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University for Delhi slum kids

By Tinku Ray
BBC News, Delhi

Shashi Arya
I want to be a teacher and help others like myself realise their dreams
Shashi Arya

A dream has come true for 135 young people living in slums across the Indian capital, Delhi.

All have just started classes after successfully getting admission into Delhi University.

Coming from poor families, none of them ever imagined they would go to college. But it has happened with the help of a local non-governmental organisation.

They have helped them in everything from filling out forms, buying books and paying their tuition fees.

Myriad problems

Eighteen-year-old Shashi Arya is a bubbly girl, who loves to tell her story.

Kiran Martin
We knew we had to build their confidence and tell them that they are no less than anyone else
Asha founder Kiran Martin

Her family lives in one room in a slum in south Delhi. The lanes leading to her home are narrow and crowded.

Families live cheek by jowl and they face myriad problems including a lack of water and electricity.

There is also the fear of losing their home as the Delhi government is determined to demolish all slums within the city before the Commonwealth Games are held here next year.

Despite all this Shashi is one of the young women who has got into university this year, helped by the organisation Asha. This is something she never believed could happen.

"Of course I had dreams of going to college," Shashi says, "but because my family is so poor, all I could think of was getting a job to help them.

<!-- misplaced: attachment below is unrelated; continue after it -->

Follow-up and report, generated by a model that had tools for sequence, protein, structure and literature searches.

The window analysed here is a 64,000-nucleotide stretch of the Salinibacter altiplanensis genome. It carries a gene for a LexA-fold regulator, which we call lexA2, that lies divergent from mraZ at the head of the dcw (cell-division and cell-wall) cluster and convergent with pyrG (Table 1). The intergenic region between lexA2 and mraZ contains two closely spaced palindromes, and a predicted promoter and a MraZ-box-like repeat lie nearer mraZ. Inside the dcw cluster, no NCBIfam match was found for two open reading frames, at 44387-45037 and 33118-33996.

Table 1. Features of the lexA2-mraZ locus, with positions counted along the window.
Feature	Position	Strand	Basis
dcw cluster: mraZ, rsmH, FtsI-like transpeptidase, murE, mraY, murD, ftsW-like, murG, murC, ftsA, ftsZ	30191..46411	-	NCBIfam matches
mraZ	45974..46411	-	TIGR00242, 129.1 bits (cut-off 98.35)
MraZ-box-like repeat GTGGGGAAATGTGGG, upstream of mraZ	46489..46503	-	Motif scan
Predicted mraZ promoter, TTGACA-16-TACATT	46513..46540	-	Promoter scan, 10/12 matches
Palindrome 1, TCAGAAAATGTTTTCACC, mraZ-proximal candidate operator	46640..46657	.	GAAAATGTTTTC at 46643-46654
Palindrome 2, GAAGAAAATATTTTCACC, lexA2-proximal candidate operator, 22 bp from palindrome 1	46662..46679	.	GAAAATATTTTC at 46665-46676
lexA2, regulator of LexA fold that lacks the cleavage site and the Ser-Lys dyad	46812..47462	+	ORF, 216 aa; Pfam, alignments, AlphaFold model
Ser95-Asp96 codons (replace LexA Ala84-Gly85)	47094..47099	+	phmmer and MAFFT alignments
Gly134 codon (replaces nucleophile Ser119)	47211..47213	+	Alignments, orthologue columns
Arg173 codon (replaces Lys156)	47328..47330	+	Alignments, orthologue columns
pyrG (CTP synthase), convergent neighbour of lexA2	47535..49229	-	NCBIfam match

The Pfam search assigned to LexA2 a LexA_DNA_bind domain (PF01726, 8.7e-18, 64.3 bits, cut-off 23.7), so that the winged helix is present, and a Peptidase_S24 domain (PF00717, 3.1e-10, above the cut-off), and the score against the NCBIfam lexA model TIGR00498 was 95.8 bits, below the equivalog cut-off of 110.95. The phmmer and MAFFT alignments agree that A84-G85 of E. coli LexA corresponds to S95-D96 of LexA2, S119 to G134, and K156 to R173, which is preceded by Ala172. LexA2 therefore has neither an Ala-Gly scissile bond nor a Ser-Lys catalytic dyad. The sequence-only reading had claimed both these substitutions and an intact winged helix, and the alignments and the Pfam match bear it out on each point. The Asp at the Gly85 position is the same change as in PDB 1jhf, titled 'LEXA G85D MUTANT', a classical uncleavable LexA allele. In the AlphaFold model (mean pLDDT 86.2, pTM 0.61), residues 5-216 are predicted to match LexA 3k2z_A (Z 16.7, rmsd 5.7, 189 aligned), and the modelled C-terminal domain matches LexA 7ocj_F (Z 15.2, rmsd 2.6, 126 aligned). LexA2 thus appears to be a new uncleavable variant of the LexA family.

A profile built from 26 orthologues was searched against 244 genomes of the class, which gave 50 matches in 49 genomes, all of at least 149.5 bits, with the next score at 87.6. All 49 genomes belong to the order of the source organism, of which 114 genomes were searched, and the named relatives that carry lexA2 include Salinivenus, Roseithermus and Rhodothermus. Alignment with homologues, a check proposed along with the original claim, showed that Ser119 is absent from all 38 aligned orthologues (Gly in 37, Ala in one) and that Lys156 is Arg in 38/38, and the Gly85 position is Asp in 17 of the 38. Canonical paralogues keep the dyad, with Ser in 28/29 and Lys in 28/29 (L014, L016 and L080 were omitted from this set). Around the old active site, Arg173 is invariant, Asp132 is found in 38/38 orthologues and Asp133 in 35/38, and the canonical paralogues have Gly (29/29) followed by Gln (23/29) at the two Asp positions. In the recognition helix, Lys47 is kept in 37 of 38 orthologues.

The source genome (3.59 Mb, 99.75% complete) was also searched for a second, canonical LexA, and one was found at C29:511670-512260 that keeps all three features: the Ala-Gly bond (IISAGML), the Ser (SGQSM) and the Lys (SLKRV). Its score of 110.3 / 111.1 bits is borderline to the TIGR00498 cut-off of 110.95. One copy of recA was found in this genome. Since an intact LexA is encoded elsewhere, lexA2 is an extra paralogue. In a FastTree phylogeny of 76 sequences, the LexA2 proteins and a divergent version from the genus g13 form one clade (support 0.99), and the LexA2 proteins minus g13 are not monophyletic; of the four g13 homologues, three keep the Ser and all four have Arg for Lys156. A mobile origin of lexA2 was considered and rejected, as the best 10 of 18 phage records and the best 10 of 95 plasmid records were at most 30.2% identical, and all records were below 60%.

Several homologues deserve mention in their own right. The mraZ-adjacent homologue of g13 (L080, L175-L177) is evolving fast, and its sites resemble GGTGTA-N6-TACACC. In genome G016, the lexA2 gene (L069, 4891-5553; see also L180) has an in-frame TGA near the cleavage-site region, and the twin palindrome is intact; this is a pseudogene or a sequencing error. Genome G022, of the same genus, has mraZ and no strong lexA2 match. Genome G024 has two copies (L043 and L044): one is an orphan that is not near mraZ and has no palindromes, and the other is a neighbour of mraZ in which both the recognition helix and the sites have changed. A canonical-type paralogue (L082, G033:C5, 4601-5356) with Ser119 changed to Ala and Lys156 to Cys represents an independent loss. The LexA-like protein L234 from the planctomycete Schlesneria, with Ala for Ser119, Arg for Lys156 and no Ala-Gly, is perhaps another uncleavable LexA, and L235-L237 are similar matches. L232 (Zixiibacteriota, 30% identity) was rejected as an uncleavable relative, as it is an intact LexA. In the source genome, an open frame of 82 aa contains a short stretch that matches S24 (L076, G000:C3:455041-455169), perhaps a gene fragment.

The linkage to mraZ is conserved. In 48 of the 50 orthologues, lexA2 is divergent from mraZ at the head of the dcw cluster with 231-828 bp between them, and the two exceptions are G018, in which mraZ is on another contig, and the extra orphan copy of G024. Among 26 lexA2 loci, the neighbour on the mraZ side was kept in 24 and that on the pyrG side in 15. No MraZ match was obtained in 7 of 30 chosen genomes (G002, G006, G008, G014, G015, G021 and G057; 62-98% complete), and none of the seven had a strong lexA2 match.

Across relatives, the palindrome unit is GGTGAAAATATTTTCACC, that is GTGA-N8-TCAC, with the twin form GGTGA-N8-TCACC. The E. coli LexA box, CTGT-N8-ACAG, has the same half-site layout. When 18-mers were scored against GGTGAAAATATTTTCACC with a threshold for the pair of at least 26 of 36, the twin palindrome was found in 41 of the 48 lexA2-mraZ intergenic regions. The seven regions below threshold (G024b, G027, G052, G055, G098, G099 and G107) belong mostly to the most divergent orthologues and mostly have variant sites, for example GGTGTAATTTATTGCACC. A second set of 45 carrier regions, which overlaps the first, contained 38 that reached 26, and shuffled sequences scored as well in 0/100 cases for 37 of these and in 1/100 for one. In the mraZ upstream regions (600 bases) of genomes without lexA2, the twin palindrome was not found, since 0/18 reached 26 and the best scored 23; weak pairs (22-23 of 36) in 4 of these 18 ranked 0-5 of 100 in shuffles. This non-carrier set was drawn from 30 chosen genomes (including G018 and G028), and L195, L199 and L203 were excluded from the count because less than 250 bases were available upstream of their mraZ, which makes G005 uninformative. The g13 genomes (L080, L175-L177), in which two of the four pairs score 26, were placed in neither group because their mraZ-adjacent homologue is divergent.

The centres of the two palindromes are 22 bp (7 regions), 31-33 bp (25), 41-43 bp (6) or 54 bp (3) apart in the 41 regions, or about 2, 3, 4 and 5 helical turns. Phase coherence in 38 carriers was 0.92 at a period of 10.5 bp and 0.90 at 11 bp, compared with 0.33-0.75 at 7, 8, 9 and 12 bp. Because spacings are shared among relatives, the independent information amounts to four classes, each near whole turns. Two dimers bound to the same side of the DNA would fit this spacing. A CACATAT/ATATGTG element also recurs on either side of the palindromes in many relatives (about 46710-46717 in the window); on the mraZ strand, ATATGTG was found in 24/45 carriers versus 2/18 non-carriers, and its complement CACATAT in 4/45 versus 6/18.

"I want to be a teacher and help others like myself realise their dreams."

When her father refused to pay for her to study anymore, Shashi did it herself by tutoring other children and making money.

She has just begun a BA programme at Maitreyi College with financial help from Asha.

Neglected

Another grateful beneficiary of the scheme is 19-year-old Mahesh Sharma, from a family of six, who is doing his BA in geography.

Slums in Delhi
Opportunities are few and far between in Delhi's slums

Studying was a big problem for him with so many family members living in one room.

Such obstacles are numerous for students from poorer backgrounds, says Asha founder Kiran Martin.

"We have college preparation workshops, because we knew that there's going to be a problem of integration," she said.

"Since these children have always lived on the margins of society, they've in fact never in their lives mixed and mingled with children that are much wealthier than them.

"So what basically we did was try and prepare them because we knew we had to build their confidence and tell them that they are no less than anyone else - and at the end of the day the great equaliser will be how well they do in their exams."

Most of these students are the first in their families to go to college. Of the 135 students, more than 40% are women, who are usually the most neglected when it comes to education in poorer families.



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